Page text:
150th Anniversary of J. M. Barrie's birth
Sir James Matthew Barrie, 1st Baronet, OM (9 May 1860 – 19 June 1937) was a Scottish author and dramatist, best remembered today as the creator of Peter Pan. The child of a family of small-town weavers, he was educated in Scotland. He moved to London, where he developed a career as a novelist and playwright. There he met the Llewelyn Davies boys who inspired him in writing about a baby boy who has magical adventures in Kensington Gardens (included in The Little White Bird), then to write Peter Pan, or The Boy Who Wouldn’t Grow Up, a "fairy play" about this ageless boy and an ordinary girl named Wendy who have adventures in the fantasy setting of Neverland. This play quickly overshadowed his previous work and although he continued to write successfully, it became his best-known work, credited with popularising the name Wendy, which was very uncommon previously. Before his death, he gave the rights to the Peter Pan works to Great Ormond Street Hospital, which continues to benefit from them.
The Lasting Legacy of JM Barrie and Peter Pan
May 2010 marks the 150th anniversary of Scottish author JM Barrie’s birth. We look at the lasting power of Peter Pan.
When Scotsman James Matthew Barrie scratched the sentence: ’All children, except one, grow up’, on to a piece of paper in his house at Bayswater Road, London, he could never have imagined the lasting impression his words would leave.
They form the opening line to Peter Pan: a tale of fairies and pirates which has enchanted children all over the world for more than a century.
First staged at the Duke of York Theatre, London, 27th December 1904, the popularity of Peter Pan sealed Kirriemuir-born Barrie’s place in literary history forever.
One hundred and fifty years on from his birth, the world remains captivated, just as Peter stays eternally locked in the magic of childhood.
When Barrie died at the age of 77, he had critical acclaim, a baronetcy, an Order of Merit and an impressive list of works to his name. No single work would be remembered, however, like Peter Pan.
Inspired by the five sons of Arthur and Sylvia Llewelyn Davies, whom Barrie met while walking his giant St Bernard dog, Porthos, in Kensington Gardens, Peter Pan has been translated into almost 100 languages.
A timeless dilemma
One of the reasons for the enduring, global, appeal of Peter Pan is its universal theme.
Whether or not we believe in mischievous flying fairies, canine nannies or ticking crocodiles, none of us – except Peter – can escape the reality of growing old.
Barrie knew the play’s widespread appeal would make for enjoyable drama. He did not appreciate how deeply it would enter global consciousness.
Following the success of the stage drama and novel, Peter Pan became the subject of a silent movie. The 1924 film would be the first of many cinematic versions. At that time, it was rumoured Charlie Chaplin – the king of silent cinema – would play Peter.
Amongst Barrie’s friends were Sir Arthur Conan Doyle, H. G. Wells and theatre producer, George Frohman. He enjoyed a lengthy correspondence with Robert Louis Stevenson and was the neighbour of George Bernard Shaw. Barrie, too, was one of the last people Captain Robert Falcon Scott wrote to, before perishing on his return from the South Pole.
Peter becomes a Disney star
In his own lifetime, Barrie saw Peter Pan re-enacted in various forms on stage. The coming of the movie era, however, took it to a level almost incomprehensible.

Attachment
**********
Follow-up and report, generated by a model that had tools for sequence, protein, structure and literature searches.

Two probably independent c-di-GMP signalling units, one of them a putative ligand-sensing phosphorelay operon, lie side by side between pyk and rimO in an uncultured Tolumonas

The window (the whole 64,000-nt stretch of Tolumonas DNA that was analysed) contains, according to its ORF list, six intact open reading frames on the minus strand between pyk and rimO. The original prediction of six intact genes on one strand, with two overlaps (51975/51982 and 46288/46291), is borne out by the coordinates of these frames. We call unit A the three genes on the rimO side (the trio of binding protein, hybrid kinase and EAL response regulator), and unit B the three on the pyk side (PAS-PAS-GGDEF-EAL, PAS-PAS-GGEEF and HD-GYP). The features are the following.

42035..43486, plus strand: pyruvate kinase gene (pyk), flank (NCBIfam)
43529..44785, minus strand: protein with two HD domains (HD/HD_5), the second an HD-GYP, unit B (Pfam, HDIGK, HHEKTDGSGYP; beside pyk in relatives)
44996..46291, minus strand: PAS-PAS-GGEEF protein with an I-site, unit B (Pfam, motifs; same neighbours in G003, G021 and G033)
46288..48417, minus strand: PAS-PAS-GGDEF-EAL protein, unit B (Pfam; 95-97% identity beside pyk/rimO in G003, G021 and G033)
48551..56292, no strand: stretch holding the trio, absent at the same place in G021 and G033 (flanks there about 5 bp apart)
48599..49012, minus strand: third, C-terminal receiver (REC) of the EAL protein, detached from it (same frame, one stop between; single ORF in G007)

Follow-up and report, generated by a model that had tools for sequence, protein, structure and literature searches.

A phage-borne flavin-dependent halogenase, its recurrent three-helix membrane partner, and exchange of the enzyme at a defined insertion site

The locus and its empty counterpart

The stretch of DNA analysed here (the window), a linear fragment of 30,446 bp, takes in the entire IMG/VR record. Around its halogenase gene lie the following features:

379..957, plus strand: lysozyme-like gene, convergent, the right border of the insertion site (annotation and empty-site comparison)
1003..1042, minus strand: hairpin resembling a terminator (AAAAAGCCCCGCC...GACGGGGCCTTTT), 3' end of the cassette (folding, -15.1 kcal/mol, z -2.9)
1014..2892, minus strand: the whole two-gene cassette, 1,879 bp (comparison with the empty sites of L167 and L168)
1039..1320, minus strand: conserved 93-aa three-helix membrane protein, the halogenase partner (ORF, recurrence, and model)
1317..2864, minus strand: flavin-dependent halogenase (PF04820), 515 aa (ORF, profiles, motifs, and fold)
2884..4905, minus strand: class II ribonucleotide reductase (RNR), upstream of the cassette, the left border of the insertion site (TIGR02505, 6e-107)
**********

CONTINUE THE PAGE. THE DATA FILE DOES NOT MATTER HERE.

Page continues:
The Walt Disney Animated Classic version of 1953 made over 87 million dollars in revenue. The 1991 Steven Spielberg movie Hook, starring Dustin Hoffman, Robin Williams and Julia Roberts took 120 million dollars at the box office.
Script writers have continued to see potential in Barrie’s story, and the complex narrative of his own life, beyond the century in which it was written.
The film, Return to Neverland (2002) was a favourite of the late Michael Jackson, inspiring the construction of the singer’s Neverland ranch at Santa Barbara. A year later, Jeremy Sumpter won a Saturn award for his leading role in Peter Pan. Finding Neverland with Kate Winslett and Johnny Depp explored Barrie’s relationships with the Davies family and won an Academy Award and six Oscar nominations.
Barrie’s lasting gift
While Peter Pan – the story – has continued to delight youngsters the world over, it has also helped in the care of sick infants for over 80 years.
Barrie gifted the rights to Peter Pan to Great Ormond Street Hospital in London in 1929. It still receives royalties from all productions and publications.
"It was an inspired legacy, an amazing gift," admits Christine De Poortere, Peter Pan Director of Great Ormond Street Hospital Children’s Charity. "It has been successful, not just in terms of royalties, but as a symbol of the hospital itself."
A bright future for Peter
Today, Peter Pan still inspires new publications, comics, fairground rides and even Nintendo video games. Its adaptations include a live action musical for Belarussian TV. There are seven Peter Pan statues worldwide and three race horses have taken its name. The first phase of a £340,000 project to create a Neverland themed play area in Barrie’s hometown of Kirriemuir is underway, ensuring the children of the Little Red Town continue to benefit from their favourite son.
Visitors to Barrie’s hometown are expected to soar in this anniversary year. In Kirriemuir, you can visit the cottage at 9 Brechin Road where the author was born. The adjacent house contains an exhibition and the outside wash-house, supposedly Barrie’s first theatre, still stands. Barrie is buried in Kirriemuir Cemetery and on the scenic Kirriemuir Hill, the pavilion and camera obscura gifted to the town by Barrie in 1930 stands proudly over the Angus countryside – a reminder of his time there and his legacy.